Voices in the Night.
A Columbia TriStar release (in Spain) of a DeAPlaneta, Esicma (Spain)/Mikado Italy) production, in association with Antena 3, Canal Plus, TVC. (International sales: DeAPlaneta, Barcelona.) Executive producer, Pau Calpe Rufat.
Directed, written by Salvador Garcia Ruiz, based on a novel by Natalia Ginzburg. Camera (color), Teo Delgado; editor, Carmen Frias; music, Pascal Gaigne; art directors, Monica Bernuy, Federico Garcia Cambero; sound (Dolby Digital) Jorge Ruiz. Reviewed at Cine Princesa. Madrid, Feb. 23, 2004. Running time: 106 MIN.
With: Laia Marull, Tristan Ulloa, Vicky Pena, Juli Mira, Ramon Madaula, Pere Arquillue, Ana Wagener, Pepa Zaragoza, Malena Alterio, Alvaro Luna.
A well-dressed, if over-earnest, romancer set in an anonymous pueblo in 1950s Spain, Salvador Garcia Ruiz's "Voices in the Night" is a world away from helmer's youth-themed first two features. Pic tells its quiet tale of the emotional confusions in Spain half a century ago somewhat ponderously, and is unlikely to set non-Spanish pulses racing. Hispanic territories and fest berths look likeliest for this otherwise solidly built, well-played movie.
Timid Elisa (Laia Marull) lives a sedate existence with her sharp-tongued mother (Vicky Pena) and submissive father (Juli Mira). Mom's sole ambition is to find a husband for her daughter. However, on the quiet Elisa is meeting twice a week for sex with Jorge (Tristan Ulloa), the idle, freethinking son of the owner of a nearby factory which dominates local life. Neither is happy with the otherwise airless existences they lead.
Their intriguing relationship loses much interest when Jorge unexpectedly turns up at Elisa's home with the aim of crossing the families' social divide and asking her to marry him. A somewhat complex, fragmented subplot--centered on the lives and loves of Jorge's family--is increasingly foregrounded hereon.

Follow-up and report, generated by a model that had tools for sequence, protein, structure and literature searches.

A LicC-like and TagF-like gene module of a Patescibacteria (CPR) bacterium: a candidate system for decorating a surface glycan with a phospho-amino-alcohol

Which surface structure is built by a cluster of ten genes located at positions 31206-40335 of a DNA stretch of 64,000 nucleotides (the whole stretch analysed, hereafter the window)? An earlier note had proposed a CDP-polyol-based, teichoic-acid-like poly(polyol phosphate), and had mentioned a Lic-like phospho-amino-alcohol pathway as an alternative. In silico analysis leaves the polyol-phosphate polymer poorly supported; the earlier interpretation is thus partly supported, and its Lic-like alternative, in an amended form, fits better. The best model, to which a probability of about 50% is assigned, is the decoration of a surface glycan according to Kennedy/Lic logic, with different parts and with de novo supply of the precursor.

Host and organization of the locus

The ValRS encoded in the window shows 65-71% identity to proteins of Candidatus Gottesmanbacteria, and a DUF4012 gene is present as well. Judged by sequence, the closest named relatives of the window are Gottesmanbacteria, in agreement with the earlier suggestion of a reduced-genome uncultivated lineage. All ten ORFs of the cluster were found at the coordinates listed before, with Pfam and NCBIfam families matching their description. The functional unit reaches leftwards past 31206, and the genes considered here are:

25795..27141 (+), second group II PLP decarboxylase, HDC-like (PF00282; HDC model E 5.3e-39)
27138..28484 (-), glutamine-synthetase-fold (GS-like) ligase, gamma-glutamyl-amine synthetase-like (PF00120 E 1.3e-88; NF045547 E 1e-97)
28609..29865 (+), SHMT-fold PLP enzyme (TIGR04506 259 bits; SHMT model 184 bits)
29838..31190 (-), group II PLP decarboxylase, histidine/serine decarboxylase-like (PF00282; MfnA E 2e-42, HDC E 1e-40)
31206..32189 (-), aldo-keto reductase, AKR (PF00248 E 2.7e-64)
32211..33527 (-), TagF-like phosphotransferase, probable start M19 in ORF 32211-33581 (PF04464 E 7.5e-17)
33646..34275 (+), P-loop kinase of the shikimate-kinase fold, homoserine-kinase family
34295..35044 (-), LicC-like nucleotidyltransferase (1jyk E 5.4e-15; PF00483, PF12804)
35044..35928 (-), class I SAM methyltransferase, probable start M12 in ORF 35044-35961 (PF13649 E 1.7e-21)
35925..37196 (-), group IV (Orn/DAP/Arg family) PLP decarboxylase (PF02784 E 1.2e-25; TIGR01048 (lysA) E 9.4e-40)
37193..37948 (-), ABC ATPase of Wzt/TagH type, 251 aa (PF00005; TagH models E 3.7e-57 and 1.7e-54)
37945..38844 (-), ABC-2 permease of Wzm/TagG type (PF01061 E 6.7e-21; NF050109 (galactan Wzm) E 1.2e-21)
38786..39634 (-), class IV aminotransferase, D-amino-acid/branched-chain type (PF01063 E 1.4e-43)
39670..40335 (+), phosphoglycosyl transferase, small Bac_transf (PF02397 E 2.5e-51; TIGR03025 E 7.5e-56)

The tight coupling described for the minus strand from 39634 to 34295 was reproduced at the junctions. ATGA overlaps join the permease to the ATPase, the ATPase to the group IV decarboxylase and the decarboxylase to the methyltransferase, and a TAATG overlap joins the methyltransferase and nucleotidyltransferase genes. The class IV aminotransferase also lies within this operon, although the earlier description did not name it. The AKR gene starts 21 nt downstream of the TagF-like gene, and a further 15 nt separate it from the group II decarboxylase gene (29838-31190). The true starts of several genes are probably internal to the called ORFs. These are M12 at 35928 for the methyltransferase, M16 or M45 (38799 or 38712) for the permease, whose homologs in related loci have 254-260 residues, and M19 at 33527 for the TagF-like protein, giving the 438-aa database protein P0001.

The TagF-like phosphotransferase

This subplot includes the arrogant Pepe (Pere Arquillue), adopted by the factory's founder, and an old man (Alvaro Luna), whose rapid ascent in the company has provoked the ire of his siblings. Both have suffered in love and their stories fresher deepen pie's theme of the influence that politics can have on emotional lives.
These tales are told in flashbacks, more brightly-colored than the main yarn to indicate more vibrant emotional times. Though they will have a major effect on Elisa, they feel dramatically rushed compared with the leisurely exposition of the Elisa/Jorge section, and are pretty standard romancer fare.
Pic is suffused with period melancholy, reinforced by the use of ocher-ish tones. The gossip driven dynamics of smalltown life during a politically oppressed period of Spanish history and its contrast with freer pre-Civil Win" years are neatly rendered, with a wealth of appropriate period detail.
Characterization is agreeably nuanced, but both the dependably first-rate Marull ("Take My Eyes") and Ulloa struggle to galvanize the spiritual side of their characters and bring their romance alive. Jorge's family is collectively self-regarding and unsympathetic. Occasionally, a line of really bright dialogue leaps out, particularly from the lips of Elisa's motor mouthed mother: Pena, as the morn, and Malena Alterio, as Elisa's bosom buddy Julia, are the only sources of onscreen energy.
Pascal Gaigne's understated music combines nicely with classical piano pieces, further underscoring the generally low-key mood.
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|Article Type:||Movie Review|
|Date:||Mar 8, 2004|
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